When one has accumulated a number of previous positions, and writes a CV for a new one, there will likely be some positions held, often entry-level jobs, that are nothing at all like the sought position.

Should one simple leave such positions out from the CV all together?


It depends on quite a lot of factors,

First is career stage. You've indicated a fair bit of experience so, yes as the previous positions become older (in time) or longer ago (if there's a lot more jobs recently in sheer numbers), then you'll eventually stop listing the oldest ones - which can be a little difficult sometimes, as you may still have a fair amount of emotional attachment to them.

Second is Industry. Some industries may more interested in all previous positions, for example those in security or government, when compared to new tech where it's really the recent relevant technology experience that's important. Technology skills over 10 years old (at the coding level) can be too old to be worth listing or list in much detail.

Third is the position level. If this is for quite a senior management position, you'll likely not want to show many low level jobs - other than for character purposes and in that case having janitor listed may actually be a bonus! (No offense to Janitors though, key folks!)

Third is career change. If you have switched careers and have many positions/employers in the previous career you may want to sum them all up under a broad heading that is not employer specific. Or perhaps mention one the the larger/longer (employment) ones as an example (one that you can talk about well and perhaps provide references for).

Forth is the brevity required. Some positions and applications don't have much space for listing stuff. Also if your resume is reaching 5 pages instead of the standard 1-2 (as mine was) then it's time for some pruning!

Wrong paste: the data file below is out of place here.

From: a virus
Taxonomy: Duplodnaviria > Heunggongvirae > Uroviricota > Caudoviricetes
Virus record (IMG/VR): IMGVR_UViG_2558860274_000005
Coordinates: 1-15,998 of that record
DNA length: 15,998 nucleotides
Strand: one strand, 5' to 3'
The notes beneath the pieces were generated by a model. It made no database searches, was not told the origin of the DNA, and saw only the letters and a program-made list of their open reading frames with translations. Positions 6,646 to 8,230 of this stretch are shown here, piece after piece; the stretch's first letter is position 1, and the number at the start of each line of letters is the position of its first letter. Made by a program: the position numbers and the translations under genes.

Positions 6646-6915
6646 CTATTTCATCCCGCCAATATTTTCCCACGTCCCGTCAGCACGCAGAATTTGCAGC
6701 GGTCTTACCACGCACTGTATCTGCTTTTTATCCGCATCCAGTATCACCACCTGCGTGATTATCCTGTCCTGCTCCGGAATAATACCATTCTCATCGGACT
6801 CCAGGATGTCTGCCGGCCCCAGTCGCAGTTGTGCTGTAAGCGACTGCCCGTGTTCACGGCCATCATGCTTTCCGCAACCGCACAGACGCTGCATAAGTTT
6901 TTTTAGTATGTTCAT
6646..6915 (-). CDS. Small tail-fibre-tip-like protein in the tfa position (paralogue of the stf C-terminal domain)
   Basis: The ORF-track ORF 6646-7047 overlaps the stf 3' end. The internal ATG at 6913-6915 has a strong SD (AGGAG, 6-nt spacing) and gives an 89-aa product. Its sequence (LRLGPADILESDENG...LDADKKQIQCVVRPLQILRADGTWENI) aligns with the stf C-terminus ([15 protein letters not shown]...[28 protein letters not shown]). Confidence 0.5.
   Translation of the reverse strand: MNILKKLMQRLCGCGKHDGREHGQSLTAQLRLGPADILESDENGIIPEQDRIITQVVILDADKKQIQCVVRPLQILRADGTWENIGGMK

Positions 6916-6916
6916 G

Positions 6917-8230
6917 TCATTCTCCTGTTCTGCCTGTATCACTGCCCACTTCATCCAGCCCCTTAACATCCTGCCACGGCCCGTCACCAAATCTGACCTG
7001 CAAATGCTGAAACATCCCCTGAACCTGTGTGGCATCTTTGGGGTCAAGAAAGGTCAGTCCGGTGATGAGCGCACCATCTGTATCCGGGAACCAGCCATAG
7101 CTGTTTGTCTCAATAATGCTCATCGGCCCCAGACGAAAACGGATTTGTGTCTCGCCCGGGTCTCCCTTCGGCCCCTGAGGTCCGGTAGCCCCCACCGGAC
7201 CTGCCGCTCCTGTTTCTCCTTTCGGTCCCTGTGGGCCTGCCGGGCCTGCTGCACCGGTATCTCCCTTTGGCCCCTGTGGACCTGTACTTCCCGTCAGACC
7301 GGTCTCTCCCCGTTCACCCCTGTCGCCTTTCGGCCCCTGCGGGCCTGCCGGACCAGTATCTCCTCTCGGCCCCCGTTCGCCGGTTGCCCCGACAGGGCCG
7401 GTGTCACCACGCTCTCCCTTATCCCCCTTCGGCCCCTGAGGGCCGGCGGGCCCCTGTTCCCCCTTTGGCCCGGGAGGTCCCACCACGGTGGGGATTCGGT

Fifth is just how many jobs you are actually talking about. There are many positions where, if you have more then say 10 jobs you probably want to avoid listing them all, particularly if you can just prune the oldest.

Sixth is nature of the work, e.g. if this was for seasonal jobs within a community where it's usually a different employer from year to year, it may be more ok.

Finally, you can also address this as I did by basically turning previous long descriptions into 1 or 2 line summaries.


You only get 30 seconds to make an impression with your resume. Leave everything off the resume that isn't relevant to the specific position you are applying to.


You only need the last ten years. If you have those postions in that time, it is best to leave them in the chronological list of your jobs and not really have more than a one liner about the job. It is better to be seen as employed than not employed. However, you don't need to say you are a qualified Access programmer if you don't want to be considered for jobs in that area! Just keep the stuff that is irrelevant to the job you are applying for out of the accomplishments and technical qualifications sections.

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